The research illuminated that people taking bumetanide, which is approved by the US Food and Drug Administration (FDA), had a significantly lower prevalence of Alzheimer’s disease than those not taking the drug.
Subsequently, the team examined the APOE4-specific Alzheimer’s signatures against those of over 1,300 drugs approved by the FDA, of which five demonstrated a gene expression signature that had the potential to neutralise the disease. The most promising of the final candidates was bumetanide, a diuretic employed to remedy fluid retention incurred by medical problems such as kidney, heart, and liver disease.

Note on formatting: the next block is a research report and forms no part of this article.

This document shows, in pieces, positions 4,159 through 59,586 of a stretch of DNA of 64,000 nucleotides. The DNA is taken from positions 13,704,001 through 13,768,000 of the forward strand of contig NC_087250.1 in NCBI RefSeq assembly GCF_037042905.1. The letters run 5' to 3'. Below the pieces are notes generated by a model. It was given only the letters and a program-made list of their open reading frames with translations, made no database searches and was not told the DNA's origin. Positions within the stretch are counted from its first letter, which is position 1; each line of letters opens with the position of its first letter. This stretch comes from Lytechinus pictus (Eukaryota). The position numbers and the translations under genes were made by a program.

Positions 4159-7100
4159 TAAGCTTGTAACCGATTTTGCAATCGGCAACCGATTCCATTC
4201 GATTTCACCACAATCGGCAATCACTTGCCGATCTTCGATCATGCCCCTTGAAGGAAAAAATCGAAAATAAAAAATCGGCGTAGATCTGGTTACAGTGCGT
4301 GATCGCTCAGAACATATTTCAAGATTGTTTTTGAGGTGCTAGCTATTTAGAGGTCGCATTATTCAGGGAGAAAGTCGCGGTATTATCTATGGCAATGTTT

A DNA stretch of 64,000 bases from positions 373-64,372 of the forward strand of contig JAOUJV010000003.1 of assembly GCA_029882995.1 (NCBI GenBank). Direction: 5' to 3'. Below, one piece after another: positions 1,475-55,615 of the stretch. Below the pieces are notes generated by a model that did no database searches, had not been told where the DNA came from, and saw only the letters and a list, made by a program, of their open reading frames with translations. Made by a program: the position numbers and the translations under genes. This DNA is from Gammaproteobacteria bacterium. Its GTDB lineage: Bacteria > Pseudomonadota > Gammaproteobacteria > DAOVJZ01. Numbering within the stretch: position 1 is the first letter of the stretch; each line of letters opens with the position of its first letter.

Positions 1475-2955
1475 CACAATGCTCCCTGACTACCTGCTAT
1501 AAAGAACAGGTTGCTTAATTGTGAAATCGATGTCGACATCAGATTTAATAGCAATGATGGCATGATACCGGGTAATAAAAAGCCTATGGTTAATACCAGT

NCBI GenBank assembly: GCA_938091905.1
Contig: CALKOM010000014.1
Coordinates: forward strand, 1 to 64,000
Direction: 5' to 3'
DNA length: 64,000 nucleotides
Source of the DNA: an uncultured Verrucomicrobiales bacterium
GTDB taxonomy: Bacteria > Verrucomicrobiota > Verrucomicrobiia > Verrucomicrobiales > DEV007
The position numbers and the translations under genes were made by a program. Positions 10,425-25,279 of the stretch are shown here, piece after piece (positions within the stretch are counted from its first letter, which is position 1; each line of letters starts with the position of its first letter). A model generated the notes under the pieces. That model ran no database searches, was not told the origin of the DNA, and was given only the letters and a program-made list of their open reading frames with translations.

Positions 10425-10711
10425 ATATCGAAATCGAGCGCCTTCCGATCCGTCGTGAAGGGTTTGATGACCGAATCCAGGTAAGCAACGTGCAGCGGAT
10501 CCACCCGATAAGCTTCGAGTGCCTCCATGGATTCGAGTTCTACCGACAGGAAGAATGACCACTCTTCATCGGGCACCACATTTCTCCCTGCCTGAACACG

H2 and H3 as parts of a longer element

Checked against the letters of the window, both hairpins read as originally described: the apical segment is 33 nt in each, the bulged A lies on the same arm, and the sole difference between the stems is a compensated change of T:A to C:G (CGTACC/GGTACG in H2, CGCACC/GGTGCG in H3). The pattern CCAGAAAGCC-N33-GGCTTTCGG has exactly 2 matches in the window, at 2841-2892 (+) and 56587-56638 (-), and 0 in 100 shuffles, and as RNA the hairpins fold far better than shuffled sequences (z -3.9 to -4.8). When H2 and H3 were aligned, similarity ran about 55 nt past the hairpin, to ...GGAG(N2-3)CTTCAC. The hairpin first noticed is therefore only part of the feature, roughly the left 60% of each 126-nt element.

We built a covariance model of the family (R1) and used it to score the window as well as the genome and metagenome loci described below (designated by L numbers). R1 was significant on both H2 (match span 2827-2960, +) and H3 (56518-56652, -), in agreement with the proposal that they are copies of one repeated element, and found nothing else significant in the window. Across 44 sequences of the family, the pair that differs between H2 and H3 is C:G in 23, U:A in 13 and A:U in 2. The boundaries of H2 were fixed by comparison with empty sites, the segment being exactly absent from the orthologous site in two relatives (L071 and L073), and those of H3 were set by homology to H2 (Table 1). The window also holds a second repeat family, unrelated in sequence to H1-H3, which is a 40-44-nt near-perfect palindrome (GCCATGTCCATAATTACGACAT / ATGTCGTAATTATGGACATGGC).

To further authenticate the potential of the drug signified by the data-driven testing, the team performed examinations of bumetanide on mouse models with Alzheimer’s and induced stem-cell-derived human neurons, finding that the diuretic reduced memory and learning deficits in mice expressing the human APOE4 gene. .
These results were further validated in the human cell-based models, indicating that there should be lower rates of Alzheimer’s in people who were already taking bumetanide.